Monday, May 6, 2013

Porting a Module to Perl 6

CPAN is a huge draw for Perl 5, with approximately umpteen zillion modules available for a wide arrangement of purposes.  It's probably the biggest draw for the Perl 5 language these days, given the newer, hipper scripting languages out there like Ruby, Python, and of course INTERCAL.

The problem is, these modules are not yet usable in Perl 6 directly.  There is an ongoing project to allow Perl 5 code to run in Rakudo, but so far only the most basic code works: like basic loops, quite a few builtins, backticks, etc.  It does inherit from the Perl 6 object system, which is pretty cool, so $foo->WHAT can tell you if you have a Str, Int, or IO::Handle.

So for right now, the only practical way to use Perl 5 modules is to rewrite them in Perl 6.  I just finished porting the File::Spec module, one of Perl 5's core modules, to help deal with file paths on different operating systems. FROGGS++ did much of the initial work on it, but he's moved on the P5 in P6 project mentioned above, so I picked up the slack. The end goal of the project is for me to integrate functionality like Perl 5's Path::Class into the core language, so that OS interoperability comes naturally when using the native functions.

As I got further into the port, I have been convinced that porting the module is a much better choice than relying on the Perl 5 code being integrated.  There are several reasons for this:

Code Cruft

There is a lot of support for operating systems that are now out of date.  This isn't a bad thing.  I'm sure that there's some hobbyist who will want to run Perl 6 on their OS/2 Warp system.  The problem comes when you look inside the code for the OS2 module:
    $path =~ s/^([a-z]:)/\l$1/s;
This little no-op snippet from canonpath (to produce the canonically correct path) converts a lowercase drive letter to lowercase.  It's not harmful, but it does illustrate the fact that no one has edited this code in 9 years.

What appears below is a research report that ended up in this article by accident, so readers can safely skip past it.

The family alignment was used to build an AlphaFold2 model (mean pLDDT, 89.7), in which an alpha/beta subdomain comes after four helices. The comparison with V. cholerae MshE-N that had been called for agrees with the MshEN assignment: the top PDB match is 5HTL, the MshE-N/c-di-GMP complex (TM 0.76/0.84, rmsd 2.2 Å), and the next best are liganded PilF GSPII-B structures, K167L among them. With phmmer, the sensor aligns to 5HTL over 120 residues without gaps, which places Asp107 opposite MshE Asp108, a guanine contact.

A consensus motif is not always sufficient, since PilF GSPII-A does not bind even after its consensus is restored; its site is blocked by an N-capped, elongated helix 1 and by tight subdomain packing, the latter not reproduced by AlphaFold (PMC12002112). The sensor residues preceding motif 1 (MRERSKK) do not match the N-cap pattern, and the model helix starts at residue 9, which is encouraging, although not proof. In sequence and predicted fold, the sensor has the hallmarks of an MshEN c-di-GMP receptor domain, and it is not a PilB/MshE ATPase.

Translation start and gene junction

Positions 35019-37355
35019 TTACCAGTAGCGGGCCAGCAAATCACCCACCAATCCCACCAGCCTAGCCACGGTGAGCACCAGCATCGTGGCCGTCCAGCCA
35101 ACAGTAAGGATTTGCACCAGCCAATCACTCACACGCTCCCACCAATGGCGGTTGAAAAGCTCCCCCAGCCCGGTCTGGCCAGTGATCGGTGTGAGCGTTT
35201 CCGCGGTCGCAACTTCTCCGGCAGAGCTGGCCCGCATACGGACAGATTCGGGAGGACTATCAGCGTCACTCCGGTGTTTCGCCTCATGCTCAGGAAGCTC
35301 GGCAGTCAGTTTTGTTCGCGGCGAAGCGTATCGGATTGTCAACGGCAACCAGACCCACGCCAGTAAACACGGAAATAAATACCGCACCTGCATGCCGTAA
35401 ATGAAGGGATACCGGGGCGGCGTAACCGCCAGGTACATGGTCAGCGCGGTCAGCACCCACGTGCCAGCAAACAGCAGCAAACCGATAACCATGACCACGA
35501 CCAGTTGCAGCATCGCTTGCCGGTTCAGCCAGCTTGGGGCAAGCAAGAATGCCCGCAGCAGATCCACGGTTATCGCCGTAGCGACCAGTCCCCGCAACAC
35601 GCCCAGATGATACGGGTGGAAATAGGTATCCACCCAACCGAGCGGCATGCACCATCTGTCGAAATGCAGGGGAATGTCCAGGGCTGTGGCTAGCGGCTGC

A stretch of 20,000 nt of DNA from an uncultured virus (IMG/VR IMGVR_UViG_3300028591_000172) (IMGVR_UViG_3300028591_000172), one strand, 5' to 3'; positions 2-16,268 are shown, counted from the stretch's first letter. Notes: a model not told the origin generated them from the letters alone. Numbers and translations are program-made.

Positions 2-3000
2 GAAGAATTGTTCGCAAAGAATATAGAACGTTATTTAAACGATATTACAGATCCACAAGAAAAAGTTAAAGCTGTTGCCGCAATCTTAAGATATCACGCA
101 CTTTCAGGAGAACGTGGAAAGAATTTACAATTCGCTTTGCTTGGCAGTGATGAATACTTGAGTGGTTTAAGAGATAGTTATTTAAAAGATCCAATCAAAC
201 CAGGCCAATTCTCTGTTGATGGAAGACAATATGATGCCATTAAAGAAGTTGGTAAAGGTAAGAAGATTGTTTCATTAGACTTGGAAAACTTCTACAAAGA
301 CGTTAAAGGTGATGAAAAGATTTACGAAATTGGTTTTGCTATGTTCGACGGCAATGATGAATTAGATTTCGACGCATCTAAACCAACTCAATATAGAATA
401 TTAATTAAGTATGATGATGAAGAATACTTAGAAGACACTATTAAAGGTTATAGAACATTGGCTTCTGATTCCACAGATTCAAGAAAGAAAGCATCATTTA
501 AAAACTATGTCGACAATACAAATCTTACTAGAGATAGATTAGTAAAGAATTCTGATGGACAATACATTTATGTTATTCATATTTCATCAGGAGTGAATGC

This isn't the fault of the Perl 5 Porters -- they have plenty of better things to do than to support outdated OSes when not even bug tickets are coming in.  But translating the code sure gives a great opportunity to notice these problems.

In the end, I ended up cutting the entire OS2 module and delegating to, because it had support for things like UNC paths (//server/share) that had only half-implemented.  And so a huge block of code cruft bit the dust.

Readability and Maintainability

Part of the reason these issues happen in the first place is that it's harder to see what's going on in a given piece of code.

An example I came across was in this helper for tmpdir, a method to return the first temporary directory that's writable in a list of parameters.  In Perl 5, we get:

sub _tmpdir {
    my $self = shift;
    my @dirlist = @_;
    my $tmpdir;

    foreach (@dirlist) {
    next unless defined && -d && -w _;
    $tmpdir = $_;
    return $self->canonpath($tmpdir);

That's actually good, idiomatic code for Perl 5, though it can look like spooky action at a distance if you're not aware of what's going on with $_, @_, and shift.

Equivalent code in Perl 6 looks like this:

method !tmpdir( *@dirlist ) {
    my $tmpdir = first { .defined && .IO.w && .IO.d }, @dirlist;
    return self.canonpath($tmpdir);

No messing about with parameters and keeping track of the object -- it all happens in the signature.  You no longer have to read through a loop to understand the code either -- in Perl 6 you can just say that you want the first matching candidate, and first() will lazily test the list for you.